Kwasi Kwarteng has broken his silence on Liz Truss’ 42-day tenure as prime minister, saying he warned her to “slow down” and predicted her downfall just a few days later.
In his first interview since being sacked on 14 October, after just 38 days in charge of the pursestrings, he said the PM’s problem was she “tried to do too much too fast”.
There had been “no real tactical plan” to support the now disastrous mini-budget, but also took responsibility for the measures in it, which ultimately led to both of their downfalls.
Asked why they wanted to implement policies “in such a hurry”, he saiid Truss wanted to “hit the ground running” and she is “very dynamic very forceful” in her views.
“I fully admit the mini-budget did surprise the markets” he said.
“I’m responsible. I’m not gonna wash my hands with it. I was Chancellor of the Exchequer. I was also part of the top team. But looking back I think we could have had a much more measured approach.”
While refusing to apologise for the measures, which led to turmoil in the markets and the crashing of the pound, he regretted the “turbulence” and for those suffering the consequences.
““I do feel sorry actually for the people who are going through this difficult time in terms of remortgaging. I think that it is a really stressful thing to do.”
Speaking to TalkTV’s Tom Newton Dunn, he said he learnt of his sacking via Twitter, and confronted a “distressed and emotional” prime minister about the “mad” decision to sack him.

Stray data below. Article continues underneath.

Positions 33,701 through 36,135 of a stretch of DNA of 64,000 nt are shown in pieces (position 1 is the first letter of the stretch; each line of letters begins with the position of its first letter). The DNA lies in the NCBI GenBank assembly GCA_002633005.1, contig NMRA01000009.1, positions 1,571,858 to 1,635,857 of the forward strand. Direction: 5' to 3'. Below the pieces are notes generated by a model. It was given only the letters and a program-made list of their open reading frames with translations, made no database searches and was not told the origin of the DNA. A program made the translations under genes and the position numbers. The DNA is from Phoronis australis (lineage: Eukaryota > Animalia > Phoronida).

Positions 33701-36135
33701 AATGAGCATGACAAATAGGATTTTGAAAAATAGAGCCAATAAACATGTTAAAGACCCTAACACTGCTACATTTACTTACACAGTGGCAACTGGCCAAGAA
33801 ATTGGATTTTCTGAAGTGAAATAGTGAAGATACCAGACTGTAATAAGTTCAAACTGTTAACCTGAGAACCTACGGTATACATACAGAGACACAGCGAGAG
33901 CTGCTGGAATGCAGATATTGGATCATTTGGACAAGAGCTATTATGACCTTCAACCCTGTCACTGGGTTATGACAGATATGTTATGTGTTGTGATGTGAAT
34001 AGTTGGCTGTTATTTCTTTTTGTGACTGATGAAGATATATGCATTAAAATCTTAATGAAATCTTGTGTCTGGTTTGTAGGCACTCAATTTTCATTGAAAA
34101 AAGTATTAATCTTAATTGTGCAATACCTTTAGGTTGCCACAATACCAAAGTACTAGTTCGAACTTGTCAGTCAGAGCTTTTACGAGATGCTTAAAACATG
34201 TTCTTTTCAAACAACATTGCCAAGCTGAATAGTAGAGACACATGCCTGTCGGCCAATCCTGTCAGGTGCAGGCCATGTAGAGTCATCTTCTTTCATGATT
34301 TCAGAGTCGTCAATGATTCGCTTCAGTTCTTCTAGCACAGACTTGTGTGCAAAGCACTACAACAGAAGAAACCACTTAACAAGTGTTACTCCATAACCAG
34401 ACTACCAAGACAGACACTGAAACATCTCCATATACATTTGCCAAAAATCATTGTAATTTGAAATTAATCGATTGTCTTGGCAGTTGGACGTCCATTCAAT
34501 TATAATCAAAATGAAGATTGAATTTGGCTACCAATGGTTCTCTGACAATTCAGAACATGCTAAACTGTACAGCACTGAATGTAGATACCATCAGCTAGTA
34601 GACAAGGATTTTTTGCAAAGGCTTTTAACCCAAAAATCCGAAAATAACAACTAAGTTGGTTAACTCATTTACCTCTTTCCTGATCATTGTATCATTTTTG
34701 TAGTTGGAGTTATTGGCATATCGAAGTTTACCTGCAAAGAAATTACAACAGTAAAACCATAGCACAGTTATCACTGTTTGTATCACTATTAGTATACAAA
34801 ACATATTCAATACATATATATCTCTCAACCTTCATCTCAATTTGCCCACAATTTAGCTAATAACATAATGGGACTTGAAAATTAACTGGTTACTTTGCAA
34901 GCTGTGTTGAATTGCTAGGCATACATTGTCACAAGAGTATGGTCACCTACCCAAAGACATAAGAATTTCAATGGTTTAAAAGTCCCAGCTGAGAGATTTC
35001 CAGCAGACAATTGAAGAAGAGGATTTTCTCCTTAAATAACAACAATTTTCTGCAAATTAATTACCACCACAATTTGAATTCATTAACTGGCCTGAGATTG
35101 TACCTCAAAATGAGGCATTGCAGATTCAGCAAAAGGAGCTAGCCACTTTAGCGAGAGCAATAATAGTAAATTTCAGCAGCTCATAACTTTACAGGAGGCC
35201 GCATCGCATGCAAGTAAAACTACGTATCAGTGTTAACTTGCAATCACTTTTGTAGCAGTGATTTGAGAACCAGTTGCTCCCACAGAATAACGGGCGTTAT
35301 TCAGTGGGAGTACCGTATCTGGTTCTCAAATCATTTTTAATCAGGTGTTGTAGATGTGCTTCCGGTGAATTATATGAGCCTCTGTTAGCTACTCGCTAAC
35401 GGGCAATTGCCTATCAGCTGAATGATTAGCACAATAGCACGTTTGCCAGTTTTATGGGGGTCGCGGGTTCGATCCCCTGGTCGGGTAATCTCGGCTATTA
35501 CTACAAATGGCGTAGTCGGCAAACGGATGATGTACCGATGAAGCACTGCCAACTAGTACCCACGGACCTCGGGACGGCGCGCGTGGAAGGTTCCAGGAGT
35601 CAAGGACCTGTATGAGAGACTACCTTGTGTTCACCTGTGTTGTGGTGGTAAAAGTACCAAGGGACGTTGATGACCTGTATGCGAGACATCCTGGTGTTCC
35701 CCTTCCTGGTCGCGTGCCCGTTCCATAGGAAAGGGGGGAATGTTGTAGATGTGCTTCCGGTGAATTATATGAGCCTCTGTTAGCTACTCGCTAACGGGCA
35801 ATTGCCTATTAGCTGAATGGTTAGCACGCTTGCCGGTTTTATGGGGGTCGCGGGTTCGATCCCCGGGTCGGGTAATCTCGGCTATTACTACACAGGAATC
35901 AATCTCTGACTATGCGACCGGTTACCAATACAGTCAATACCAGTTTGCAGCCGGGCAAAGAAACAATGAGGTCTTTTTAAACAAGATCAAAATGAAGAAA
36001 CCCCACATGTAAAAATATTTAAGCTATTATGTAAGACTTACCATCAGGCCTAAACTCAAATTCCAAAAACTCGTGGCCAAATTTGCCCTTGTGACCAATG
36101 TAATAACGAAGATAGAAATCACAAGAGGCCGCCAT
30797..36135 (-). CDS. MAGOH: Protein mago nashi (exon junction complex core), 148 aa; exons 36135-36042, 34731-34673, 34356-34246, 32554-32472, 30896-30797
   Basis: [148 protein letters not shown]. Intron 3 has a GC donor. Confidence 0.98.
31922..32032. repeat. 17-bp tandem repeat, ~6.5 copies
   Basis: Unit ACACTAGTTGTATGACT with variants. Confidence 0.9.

“Everyone knows that that was your policy” he told her. “She can’t fire me for just implementing what she campaigned on. We had a conversation. And I think it was very much the view that somehow she would survive if I took the fall on that.”
“I think I said to her at the time, ‘This is going to last three or four weeks’. Little did I know it was only going to be six days.”
Speaking about the sacking, Kwarteng said his long-time political ally Truss “was very emotional.”
“I can’t remember whether she was actually shedding tears, but she was very emotional and it was a difficult thing to do. And I think she genuinely thought that that was the right thing to buy her more time to set her Premiership on the right path.
|I disagreed, obviously, I thought that if Chancellors are sacked by the Prime Minister for doing what the Prime Minister campaigned on, that leaves the Prime Minister in a very weak position.”
The decision to sack Kwarteng ultimately led to Truss’ downfall with a Conservative leadership contest following just a matter of days after her resignation on 20 October.
Kwarteng also hit out at the current prime minister, Rishi Sunak, saying his the expected tax rises in the Autumn statement on 17 October were the wrong course of action.
“I’ve always had the view that we can’t simply keep putting up taxes. We’ve got to think about growth.”
He said he’s worried about where growth will come from, but pushed back on being an anti-Sunak figurehead against tax rises.
“I think Rishi Sunak is actually a very credible Prime Minister. Above all, I think he has the temperament of a Prime Minister and he’s very cool and he’s very considered.”